AMMAN (Reuters) - Jordan’s health minister was dismissed on Saturday after seven people died following an oxygen outage in a hospital treating coronavirus patients, and police were deployed to hold back hundreds of angry relatives, state media and witnesses said.
The oxygen failure on Saturday hit intensive care, maternity and coronavirus wards in the new Salt government hospital west of the capital Amman.
Prime Minister Bisher al Khaswaneh said he had fired Health Minister Nathir Obeidat. In a public apology, he said his government bore full responsibility for the incident.
“This is a gross mistake that cannot be justified or accepted. I feel ashamed of it and won’t justify it,” Khaswaneh said, adding that he was awaiting the results of a judicial investigation.
Obeidat said he bore “moral responsibility” for the deaths of the patients, who were being treated for COVID-19 when wards ran out of oxygen for nearly an hour.
King Abdullah visited the hospital in a move officials said was intended to defuse tensions. Anger with the authorities has in the past triggered civil unrest in Jordan.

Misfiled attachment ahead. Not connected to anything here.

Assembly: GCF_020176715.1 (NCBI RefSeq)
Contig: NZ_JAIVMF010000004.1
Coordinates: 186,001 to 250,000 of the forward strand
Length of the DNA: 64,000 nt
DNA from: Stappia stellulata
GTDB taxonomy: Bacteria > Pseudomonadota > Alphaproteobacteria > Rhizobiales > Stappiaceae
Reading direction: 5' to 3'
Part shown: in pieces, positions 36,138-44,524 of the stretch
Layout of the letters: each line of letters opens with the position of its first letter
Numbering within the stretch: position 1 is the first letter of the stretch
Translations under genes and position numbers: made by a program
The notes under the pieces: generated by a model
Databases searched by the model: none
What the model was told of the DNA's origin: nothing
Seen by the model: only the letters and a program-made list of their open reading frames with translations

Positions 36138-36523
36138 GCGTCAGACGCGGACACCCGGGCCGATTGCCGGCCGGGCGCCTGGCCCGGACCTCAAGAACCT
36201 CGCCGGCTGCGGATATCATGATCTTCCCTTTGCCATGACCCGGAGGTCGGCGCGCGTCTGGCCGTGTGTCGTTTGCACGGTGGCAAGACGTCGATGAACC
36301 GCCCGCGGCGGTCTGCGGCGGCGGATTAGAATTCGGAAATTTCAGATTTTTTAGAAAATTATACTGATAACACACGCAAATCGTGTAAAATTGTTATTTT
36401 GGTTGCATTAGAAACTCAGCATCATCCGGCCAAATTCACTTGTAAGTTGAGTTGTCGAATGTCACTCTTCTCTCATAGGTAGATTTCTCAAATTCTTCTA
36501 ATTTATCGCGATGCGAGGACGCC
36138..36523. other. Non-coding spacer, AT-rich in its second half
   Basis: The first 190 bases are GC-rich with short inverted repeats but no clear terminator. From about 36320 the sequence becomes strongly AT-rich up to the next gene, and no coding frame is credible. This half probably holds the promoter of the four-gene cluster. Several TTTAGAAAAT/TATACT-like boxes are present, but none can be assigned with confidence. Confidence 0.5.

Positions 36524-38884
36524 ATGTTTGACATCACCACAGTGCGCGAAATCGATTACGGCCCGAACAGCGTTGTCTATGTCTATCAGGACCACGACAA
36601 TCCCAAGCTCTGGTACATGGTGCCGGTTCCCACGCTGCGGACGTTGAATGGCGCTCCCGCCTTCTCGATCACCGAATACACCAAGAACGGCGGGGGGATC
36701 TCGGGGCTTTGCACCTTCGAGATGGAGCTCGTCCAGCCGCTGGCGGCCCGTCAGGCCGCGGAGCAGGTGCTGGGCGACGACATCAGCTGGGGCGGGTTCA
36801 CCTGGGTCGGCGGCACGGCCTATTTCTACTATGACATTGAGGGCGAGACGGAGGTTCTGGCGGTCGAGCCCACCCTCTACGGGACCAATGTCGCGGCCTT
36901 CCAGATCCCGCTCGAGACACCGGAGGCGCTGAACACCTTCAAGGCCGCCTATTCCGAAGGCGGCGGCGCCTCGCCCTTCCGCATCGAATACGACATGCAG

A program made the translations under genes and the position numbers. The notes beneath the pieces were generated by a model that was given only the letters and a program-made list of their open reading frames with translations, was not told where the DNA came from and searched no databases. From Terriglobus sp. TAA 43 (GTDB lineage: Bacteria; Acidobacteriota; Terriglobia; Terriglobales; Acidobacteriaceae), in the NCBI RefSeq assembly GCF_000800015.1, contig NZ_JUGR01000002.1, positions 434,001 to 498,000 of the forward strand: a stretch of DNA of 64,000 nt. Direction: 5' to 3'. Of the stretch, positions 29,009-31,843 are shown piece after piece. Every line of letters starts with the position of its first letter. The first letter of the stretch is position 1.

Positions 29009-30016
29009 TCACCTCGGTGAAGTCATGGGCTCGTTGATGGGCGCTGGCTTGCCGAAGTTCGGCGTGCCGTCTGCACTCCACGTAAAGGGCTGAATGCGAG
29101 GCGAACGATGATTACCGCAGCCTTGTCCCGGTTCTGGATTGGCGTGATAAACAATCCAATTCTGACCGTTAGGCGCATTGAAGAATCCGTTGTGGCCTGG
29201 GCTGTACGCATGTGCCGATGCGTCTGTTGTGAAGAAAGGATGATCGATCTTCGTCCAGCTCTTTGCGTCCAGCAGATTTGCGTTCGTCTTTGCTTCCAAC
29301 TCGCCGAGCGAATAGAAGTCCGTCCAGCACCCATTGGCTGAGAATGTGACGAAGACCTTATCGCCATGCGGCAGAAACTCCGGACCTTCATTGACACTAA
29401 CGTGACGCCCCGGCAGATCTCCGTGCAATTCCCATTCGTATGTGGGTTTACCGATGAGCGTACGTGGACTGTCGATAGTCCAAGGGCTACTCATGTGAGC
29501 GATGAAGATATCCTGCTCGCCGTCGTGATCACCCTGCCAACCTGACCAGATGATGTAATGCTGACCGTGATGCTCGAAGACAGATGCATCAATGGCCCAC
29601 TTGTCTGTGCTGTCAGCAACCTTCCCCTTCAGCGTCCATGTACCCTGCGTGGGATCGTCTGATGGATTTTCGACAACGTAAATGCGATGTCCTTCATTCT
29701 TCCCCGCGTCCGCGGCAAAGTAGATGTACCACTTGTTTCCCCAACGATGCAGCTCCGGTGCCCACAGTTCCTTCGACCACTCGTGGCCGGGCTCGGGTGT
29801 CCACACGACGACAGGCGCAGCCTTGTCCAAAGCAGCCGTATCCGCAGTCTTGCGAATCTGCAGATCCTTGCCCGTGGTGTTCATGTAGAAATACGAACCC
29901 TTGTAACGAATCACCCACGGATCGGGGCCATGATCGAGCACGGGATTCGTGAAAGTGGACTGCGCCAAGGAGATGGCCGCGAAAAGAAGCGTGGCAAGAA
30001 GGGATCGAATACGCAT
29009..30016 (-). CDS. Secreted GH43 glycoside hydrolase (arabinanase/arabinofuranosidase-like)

“How can a hospital like this see something like this happening?” he said on entering the multi-million-dollar hospital, which went into operation only last August.
Some politicians said the incident pointed to major mismanagement in government hospitals.
Jordan is facing a spike in COVID-19 infections attributed mainly to the fast transmission of the coronavirus variant first identified in Britain, and announced stricter measures to curb the spread of COVID-19 last week.
Jordan reported 8,300 new cases of COVID-19 on Thursday, the highest daily death toll since the pandemic first surfaced in the kingdom a year ago.
Jordan, with a population of around 10 million, has recorded 385,533 cases of COVID-19 and 5,224 deaths.
Reporting by Suleiman Al-Khalidi, Editing by Ros Russell, Alexandra Hudson and Timothy Heritage
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